11.13.10 10:29 AM ET
Beck's Dangerous Campaign
Glenn Beck’s anti-George Soros tirade sounds very familiar to me. The Hungarian far right has been leveling those same charges for years, darkly hinting at the financier’s “omnipotence,” his ties to a global conspiracy, and his penchant for bringing down governments (soon our own!). In Hungary, everyone knows these are code words for anti-Semitism. To hear them repeated on our own airwaves in prime time is something else.
The trouble with George Soros is that, quite frankly, he doesn’t give a damn. Whether the slime is thrown from his former country or from Fox News, he rarely rises to the haters’ bait. Soros has experienced poison from demagogues more skilled (and more heavily armed) than Beck. In a life that has encompassed the most violent hatemongering of the 20th century—from fascism to communism—he flicks off this latest spray and keeps going.
I, however, find it impossible not to speak up when I hear the likes of Beck from the comfort of his armchair charge Soros with anti-Semitism. Beck paints Soros as a Nazi tool for having had the supreme nerve to survive Europe’s most violent Holocaust: the one that swept through Hungary under SS-Obersturmbannführer Adolf Eichmann during the summer and fall of 1944. Eichmann’s was a well-oiled machine by then, and he had to make quick work of Europe’s last remaining intact Jewish community. Even the most deluded Nazis knew the war was over, their cause lost. But Eichmann was determined to finish the job in Hungary. Only the most resourceful and the luckiest survived.
It is well known that the 14-year-old George Soros acted as a messenger of the Budapest Jewish Council, a group of aged and terrified elders who thought if they kept the city’s Jews calm, and followed the Gestapo’s every command, they might survive. Sent to alert Jews to report to various collection points around the city, the young Soros, prompted by his canny father, urged defiance instead. “There was one man I shall not forget,” Soros recalled, “I told him what my father had said. And he answered, ‘Tell your father that I am a law-abiding citizen, that I have always been a law-abiding citizen and that I am not going to start breaking the law now.'" We know how few of those law-abiding citizens survived Eichmann’s barbaric campaign to make Hungary Judenrein. The fact is that only by assuming false identities, through bribery and deception, could people survive that Kafkaesque nightmare. Andy Grove, the legendary founder of Intel, another young Budapest Jew, survived thus, as did my own parents. Raoul Wallenberg, the great Swedish humanitarian, performed his miracles in Budapest partly by forging passports and bribing Nazis.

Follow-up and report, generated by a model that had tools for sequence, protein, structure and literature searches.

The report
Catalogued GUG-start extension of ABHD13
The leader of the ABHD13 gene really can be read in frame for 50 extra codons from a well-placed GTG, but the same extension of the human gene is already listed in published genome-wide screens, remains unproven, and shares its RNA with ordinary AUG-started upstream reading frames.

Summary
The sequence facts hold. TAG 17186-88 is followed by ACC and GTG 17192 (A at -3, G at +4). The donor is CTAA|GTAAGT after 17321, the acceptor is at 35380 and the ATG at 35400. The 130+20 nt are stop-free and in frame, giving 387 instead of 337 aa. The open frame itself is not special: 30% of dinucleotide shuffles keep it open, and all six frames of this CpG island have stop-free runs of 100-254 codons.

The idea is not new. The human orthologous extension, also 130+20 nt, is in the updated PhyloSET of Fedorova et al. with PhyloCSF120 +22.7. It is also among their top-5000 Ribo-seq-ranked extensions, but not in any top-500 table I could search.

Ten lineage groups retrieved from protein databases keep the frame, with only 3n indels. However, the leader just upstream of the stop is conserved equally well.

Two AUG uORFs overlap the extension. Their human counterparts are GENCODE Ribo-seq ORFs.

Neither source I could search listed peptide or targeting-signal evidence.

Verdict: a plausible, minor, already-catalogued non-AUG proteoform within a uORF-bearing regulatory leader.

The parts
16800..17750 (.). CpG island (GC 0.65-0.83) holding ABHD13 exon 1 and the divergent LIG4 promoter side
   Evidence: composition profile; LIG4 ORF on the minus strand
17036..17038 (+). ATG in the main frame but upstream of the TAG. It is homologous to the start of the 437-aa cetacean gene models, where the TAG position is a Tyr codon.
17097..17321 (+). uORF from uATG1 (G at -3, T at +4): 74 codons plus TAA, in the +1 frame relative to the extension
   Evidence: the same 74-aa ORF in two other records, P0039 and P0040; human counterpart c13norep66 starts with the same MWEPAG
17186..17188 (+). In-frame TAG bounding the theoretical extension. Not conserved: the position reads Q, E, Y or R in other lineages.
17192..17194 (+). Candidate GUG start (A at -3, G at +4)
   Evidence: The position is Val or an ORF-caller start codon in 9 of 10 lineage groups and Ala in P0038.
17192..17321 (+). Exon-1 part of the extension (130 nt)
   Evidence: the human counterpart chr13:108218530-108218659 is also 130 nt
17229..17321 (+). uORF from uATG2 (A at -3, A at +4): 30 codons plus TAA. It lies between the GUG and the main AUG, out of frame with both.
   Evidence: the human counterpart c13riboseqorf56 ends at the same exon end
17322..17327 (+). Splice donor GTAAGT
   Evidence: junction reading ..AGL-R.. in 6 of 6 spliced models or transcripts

But there is a danger that goes beyond George Soros in Beck’s demagoguery. Beck’s breathtaking ignorance of recent history might be laughable if it were not for one thing.
Soros played a vastly more historically significant role in ending communism, the nightmare that succeeded the Nazis. Beck depicts Soros as “the most powerful man on earth,” a man who can bring down governments. And Beck is absolutely right on that point. Does he have a clue as to which governments Soros has helped to bring down? I recall in the 1980s my Hungarian dissident friends telling me about this man Soros who was pumping oxygen into a suffocating system. It was in Budapest that he opened his first Open Society office in 1984. At a time when every typewriter had to be registered with the police, Soros smuggled in Xerox machines that soon made a mockery of the state’s tight control of information. Open Societies soon sprung up all over the Soviet empire. Toasting Soros’ 80th birthday last summer, Lord Mark Malloch Brown said four people brought down communism: Margaret Thatcher, Ronald Reagan, Pope John Paul II, and George Soros.
Perhaps Soros is immune to vilification. He seems to take a perverse pride in being the eternal outsider who “belongs to no club or associations.” But there is a danger that goes beyond George Soros in Beck’s demagoguery. Beck’s breathtaking ignorance of recent history might be laughable if it were not for one thing. He commands a huge audience of people who must surely trust him to know what he is talking about.
My Hungarian grandparents did not survive the Nazis, and my parents were jailed by the communists. I can still hear my father saying, “It always starts with words. Words matter.”
Kati Marton is an author and journalist who has reported for ABC News, National Public Radio as well as a number of print outlets. She received several honors for her reporting, including the George Foster Peabody Award. Her latest book is Enemies of the People: My Family's Journey to America.